GUILFORD, CT—U.S. Sen. Chris Murphy told a packed room in Guilford Sunday that he’s willing to listen to the evidence before voting to remove President Donald Trump.
At the same, if the issue reaches the Senate Murphy, who visited Ukraine and spoke with their president, sounded as if it’s not going to take a lot of convincing to get him to vote in favor.
“I will give him the opportunity to present exculpatory evidence,” Murphy told a crowd of about 175 people at the Nathanael B. Greene Community Center in Guilford.
On the other hand, Murphy said that from what he’s heard from the congressional hearings so far that “there’s no reason to have an impeachment clause (written) if not to stop the abuse of power the way this president has.”
After weeks of momentous congressional hearings, the House Judiciary Committee voted Friday to impeach Trump, sending the two articles of impeachment to the full House, where Trump would become the third president in U.S. history to be impeached.
The House floor vote would come before lawmakers adjourn for the holidays this month, setting up a Senate trial in January. Since the Senate, unlike the House, is controlled by Republicans, Trump is not expected to lose an impeachment trial, though both Murphy and fellow Democratic Sen. Richard Blumenthal are likely to cast votes in favor of impeachment.
The two articles that lawmakers on the House committee sent to the full House for a vote said Trump abused his power when he pressured Ukrainian President Volodymyr Zelensky to investigate 2020 Democratic presidential candidate Joe Biden, and obstructed the congressional investigation into the matter by directing White House officials not to testify and withhold relevant documents.
“He (Trump) was trying to rig the upcoming (2020) election,” Murphy told the Guilford audience, many of whom nodded in agreement. “This is as serious as it gets.”
Murphy was asked by the audience about statements from Senate Republican Majority Mitch McConnell that there is no chance the Senate will vote to impeach the president.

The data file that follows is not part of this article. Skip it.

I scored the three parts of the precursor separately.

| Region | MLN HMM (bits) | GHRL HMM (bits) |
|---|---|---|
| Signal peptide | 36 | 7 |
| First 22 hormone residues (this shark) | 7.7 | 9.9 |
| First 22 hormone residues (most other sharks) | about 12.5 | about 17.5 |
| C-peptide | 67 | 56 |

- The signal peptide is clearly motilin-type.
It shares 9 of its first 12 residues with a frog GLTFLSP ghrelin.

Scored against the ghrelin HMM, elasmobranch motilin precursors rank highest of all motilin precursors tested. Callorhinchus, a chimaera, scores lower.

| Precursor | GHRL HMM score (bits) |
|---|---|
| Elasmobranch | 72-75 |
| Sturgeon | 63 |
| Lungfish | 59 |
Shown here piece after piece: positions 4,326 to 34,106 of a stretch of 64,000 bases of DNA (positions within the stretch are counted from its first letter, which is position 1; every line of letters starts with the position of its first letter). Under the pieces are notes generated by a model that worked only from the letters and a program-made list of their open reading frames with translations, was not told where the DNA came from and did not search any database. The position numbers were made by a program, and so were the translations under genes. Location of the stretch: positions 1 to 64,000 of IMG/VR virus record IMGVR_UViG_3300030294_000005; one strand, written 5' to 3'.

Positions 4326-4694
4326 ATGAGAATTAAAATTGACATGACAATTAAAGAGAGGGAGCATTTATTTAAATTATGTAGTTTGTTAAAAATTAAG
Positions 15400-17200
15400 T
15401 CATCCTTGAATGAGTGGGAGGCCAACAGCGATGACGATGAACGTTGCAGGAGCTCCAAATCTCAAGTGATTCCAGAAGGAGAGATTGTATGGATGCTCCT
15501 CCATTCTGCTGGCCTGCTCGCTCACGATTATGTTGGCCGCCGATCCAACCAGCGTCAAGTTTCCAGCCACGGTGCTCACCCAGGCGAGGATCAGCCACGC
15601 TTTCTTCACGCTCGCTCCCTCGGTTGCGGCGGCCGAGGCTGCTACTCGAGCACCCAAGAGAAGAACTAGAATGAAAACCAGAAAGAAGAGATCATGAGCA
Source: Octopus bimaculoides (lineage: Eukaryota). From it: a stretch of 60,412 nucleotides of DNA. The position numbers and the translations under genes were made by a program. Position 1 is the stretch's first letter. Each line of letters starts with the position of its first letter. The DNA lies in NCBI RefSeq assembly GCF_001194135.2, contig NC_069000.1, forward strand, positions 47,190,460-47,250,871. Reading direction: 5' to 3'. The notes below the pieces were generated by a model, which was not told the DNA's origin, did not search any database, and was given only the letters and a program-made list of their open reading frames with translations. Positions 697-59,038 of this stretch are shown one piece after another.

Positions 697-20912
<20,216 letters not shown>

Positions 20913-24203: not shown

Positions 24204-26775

McConnell told Fox News that he was coordinating with — and taking cues from — the president’s lawyers on ground rules for the Senate showdown. Some Democrats protested that his statement disqualified him from being an impartial juror in an impeachment trial.
“There will be no difference between the president’s position and our position as to how to handle this,” McConnell told Fox News Host Sean Hannity.
Again, reiterating that he will listen to all the evidence, Murphy said he holds out “hope there a handful of Republicans who don’t take marching orders from the president.”
The question and answer session with the Guilford crowd got a bit tense at times.
Some audience members pressed Murphy on what he termed the “do nothing Senate,” referring to the fact that Republican-led Senate has blocked hundreds of initiatives started in the Democrat-controlled House that never even have come up for a vote in the Senate.
Murphy conceded “that it has been extraordinary how the Senate has been shut down except for appointing a few right-wing judges.”
He said the best way for the Senate to pass more laws is “for us to win some elections,” another reference to the upcoming 2020 contests – not just for president but in Congress.
Murphy, who is seen as a national champion in Congress on the issue of tougher gun ownership laws, also talked about where Connecticut, the House, the Senate and Trump’s stand on the Second Amendment.
Murphy noted this past weekend was the seventh anniversary of the Sandy Hook Elementary School shooting. Everyone in Connecticut knows that on December 14, 2012, in Newtown, Adam Lanza shot and killed 26 people, including 20 first graders, and six adult staff members.
“I can’t fathom what the families to through as the holidays come up,” Murphy said. “On December 14 each year, the loss hurts more. It just does.”
Murphy has tried to work on a bipartisan compromise for expanded background checks.
“I won’t rest until we change the laws of this nation to make sure our country doesn’t knowingly facilitate the mass murder of children,” Murphy added. “That is my charge.”
The town of Guilford itself became a centerpiece this past year on the issue of gun issues in Connecticut following the tragic death of one of one its young residents.
Ethan Song, of Guilford, died of a self-inflicted gunshot. The 15-year-old accidentally shot himself in the head in January of 2018, the Waterbury state’s attorney’s office said after concluding its investigation.
Ethan’s parents, Mike and Kristin Song are hoping to get national legislation passed that would be modeled after legislation passed in the last Connecticut General Assembly session with bipartisan support concerning tougher safe gun storage laws. They have the support of the Connecticut Congressional delegation but so far the Republican-led Senate has refused to vote on the initiative.
Trump’s term was marked early on by a series of mass shootings which had him indicating he might support tougher gun laws, but more recently he has backed off those statements and sided with the National Rifle Association.
Asked about that fact, Murphy told the crowd he believes, “We have built momentum, including in Connecticut,” to enact strong gun control legislation.
Murphy drew chuckles from the crowd when he referred to a long conversation he had with Trump earlier this year about gun control. “It was some of the most exhaustive times of my life,” Murphy added.